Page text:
A Qualitative Study of Barriers and Facilitators of PrEP Uptake Among Women in Substance Use Treatment and Syringe Service Programs

Susan Tross, Anya Y. Spector, Melissa M. Ertl, Hayley Berg, Eva Turrigiano, Susie Hoffman

Research output: Contribution to journalArticlepeer-review

1 Scopus citations

Abstract

PrEP is an HIV prevention option that could benefit substance-involved women, a high-risk population with low PrEP uptake. Little is known about their interest in PrEP. This qualitative study used in-depth interviews to examine PrEP willingness, barriers, and facilitators among 16 women in outpatient psychosocial substance use treatment, methadone, and/or harm reduction/syringe programs in NYC. All expressed willingness to use PrEP, but only during periods of perceived risk. Women perceived themselves to be at high risk for HIV when engaging in active substance use and/or transactional sex. They perceived themselves to be at low risk and therefore unmotivated to take PrEP when abstinent from these activities. Paradoxically, a major barrier to using PrEP was anticipated interference from substance use and transactional sex, the very same activities that create a perception of risk. Facilitators of PrEP use included perceptions of it as effortless (as opposed to barrier methods during sex) and effective, safe, and accessible. Other barriers included fear of stigma and doubts about adhering daily. Recommendations for best PrEP implementation practices for substance-involved women included tailored and venue-specific PrEP information and messaging, PrEP discussion with trusted medical providers, and on-site PrEP prescription in substance use treatment and harm reduction programs.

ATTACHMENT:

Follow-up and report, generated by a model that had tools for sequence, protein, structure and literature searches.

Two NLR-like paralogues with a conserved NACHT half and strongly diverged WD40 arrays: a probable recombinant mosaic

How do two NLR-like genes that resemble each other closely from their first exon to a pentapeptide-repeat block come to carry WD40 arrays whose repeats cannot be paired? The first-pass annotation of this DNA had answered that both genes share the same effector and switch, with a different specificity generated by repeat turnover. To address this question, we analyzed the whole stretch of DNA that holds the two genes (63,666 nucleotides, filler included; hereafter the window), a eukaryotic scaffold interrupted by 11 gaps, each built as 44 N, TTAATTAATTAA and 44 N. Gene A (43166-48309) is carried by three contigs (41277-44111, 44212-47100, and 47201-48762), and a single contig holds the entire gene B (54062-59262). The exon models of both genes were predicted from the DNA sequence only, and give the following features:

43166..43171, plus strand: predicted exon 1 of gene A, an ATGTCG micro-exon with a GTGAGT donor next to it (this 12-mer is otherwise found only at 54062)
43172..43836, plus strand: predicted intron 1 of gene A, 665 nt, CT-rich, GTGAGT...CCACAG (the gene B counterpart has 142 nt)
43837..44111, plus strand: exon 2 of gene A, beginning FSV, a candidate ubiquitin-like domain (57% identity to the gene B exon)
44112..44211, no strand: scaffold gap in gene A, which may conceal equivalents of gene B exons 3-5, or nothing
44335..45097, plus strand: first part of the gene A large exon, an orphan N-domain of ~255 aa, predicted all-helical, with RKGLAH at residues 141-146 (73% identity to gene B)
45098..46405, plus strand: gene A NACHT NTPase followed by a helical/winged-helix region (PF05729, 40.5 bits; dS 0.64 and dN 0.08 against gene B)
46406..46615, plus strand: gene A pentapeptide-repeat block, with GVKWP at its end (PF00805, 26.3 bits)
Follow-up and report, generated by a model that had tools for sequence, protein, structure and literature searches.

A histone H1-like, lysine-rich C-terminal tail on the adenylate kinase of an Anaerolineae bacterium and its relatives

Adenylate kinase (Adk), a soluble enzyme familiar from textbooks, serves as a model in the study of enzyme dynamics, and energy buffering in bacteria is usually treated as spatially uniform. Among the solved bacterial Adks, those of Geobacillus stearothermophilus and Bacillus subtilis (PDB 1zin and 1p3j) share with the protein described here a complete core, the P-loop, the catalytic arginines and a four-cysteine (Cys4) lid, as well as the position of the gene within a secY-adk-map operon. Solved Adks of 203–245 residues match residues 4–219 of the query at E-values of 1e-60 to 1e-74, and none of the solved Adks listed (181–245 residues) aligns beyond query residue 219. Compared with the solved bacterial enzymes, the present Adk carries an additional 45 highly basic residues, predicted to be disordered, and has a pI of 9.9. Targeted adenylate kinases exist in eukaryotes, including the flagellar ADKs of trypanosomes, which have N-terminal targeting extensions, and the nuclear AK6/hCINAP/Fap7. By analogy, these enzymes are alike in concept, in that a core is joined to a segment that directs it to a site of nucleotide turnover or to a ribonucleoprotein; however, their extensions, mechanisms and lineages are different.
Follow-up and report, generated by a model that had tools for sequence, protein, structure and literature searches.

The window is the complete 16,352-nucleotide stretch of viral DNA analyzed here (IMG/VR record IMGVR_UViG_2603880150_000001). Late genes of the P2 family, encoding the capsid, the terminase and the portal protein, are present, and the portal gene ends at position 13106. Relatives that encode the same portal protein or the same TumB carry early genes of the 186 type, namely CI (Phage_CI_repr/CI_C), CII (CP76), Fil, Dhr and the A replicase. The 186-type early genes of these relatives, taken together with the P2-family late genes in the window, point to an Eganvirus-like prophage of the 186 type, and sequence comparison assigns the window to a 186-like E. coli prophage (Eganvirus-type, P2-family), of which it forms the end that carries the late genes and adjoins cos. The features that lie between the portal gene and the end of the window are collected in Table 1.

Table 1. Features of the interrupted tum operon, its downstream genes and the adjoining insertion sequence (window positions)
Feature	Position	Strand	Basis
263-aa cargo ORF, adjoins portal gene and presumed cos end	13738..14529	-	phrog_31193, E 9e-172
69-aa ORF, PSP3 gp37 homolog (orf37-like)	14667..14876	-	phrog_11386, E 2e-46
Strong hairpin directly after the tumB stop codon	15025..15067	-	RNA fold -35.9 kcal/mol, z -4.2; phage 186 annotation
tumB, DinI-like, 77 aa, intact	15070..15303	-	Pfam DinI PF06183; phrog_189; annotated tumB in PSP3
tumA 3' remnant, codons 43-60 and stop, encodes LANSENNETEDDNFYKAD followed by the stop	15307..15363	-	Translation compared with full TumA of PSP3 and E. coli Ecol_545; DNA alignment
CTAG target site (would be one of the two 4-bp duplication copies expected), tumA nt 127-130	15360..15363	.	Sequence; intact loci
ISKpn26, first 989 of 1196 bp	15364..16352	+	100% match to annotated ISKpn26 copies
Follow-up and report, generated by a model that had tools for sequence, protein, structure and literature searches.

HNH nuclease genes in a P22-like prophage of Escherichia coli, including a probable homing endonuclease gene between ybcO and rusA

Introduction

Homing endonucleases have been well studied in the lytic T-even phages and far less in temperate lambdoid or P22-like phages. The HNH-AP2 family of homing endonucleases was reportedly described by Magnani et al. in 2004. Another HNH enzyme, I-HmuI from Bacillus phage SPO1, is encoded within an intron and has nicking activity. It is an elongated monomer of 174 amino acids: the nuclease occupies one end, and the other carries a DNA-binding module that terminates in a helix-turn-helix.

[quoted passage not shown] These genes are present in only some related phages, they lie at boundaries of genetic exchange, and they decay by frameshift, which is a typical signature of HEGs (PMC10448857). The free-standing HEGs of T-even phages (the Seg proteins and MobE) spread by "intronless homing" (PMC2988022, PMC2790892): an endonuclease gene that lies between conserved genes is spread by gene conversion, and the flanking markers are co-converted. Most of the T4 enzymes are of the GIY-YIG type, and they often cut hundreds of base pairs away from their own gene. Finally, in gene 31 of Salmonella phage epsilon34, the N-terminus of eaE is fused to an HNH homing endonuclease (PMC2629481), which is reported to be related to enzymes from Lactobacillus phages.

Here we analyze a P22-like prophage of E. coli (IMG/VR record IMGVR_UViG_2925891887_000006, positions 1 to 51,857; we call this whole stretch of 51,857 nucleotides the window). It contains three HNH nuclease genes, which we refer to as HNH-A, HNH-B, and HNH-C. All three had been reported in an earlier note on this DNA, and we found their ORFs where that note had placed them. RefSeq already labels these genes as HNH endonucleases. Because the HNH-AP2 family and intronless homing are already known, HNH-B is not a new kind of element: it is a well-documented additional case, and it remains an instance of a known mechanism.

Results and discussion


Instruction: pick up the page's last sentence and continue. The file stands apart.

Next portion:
Original languageEnglish (US)
Pages (from-to)1162-1172
Number of pages11
JournalAIDS and Behavior
Volume27
Issue number4
DOIs
StatePublished - Apr 2023
Externally publishedYes

Bibliographical note

Funding Information:
This work was supported by a National Institute of Mental Health Center Grant (P30-MH43520; Remien, PI). Dr. Ertl was also supported by a National Institute of Mental Health Training Grant (T32-MH19139; Sandfort, PI) as well as a training grant funded by the National Institute on Drug Abuse and the National Institute on Alcohol Abuse and Alcoholism (R25DA050687-01A1; Valdez, PI). The content is solely the responsibility of the authors and does not necessarily represent the official views of National Institute of Mental Health or the National Institutes of Health.

Publisher Copyright:
© 2022, The Author(s), under exclusive licence to Springer Science+Business Media, LLC, part of Springer Nature.

Keywords

  • HIV prevention
  • implementation
  • Pre-exposure prophylaxis (PrEP)
  • women

PubMed: MeSH publication types

  • Journal Article

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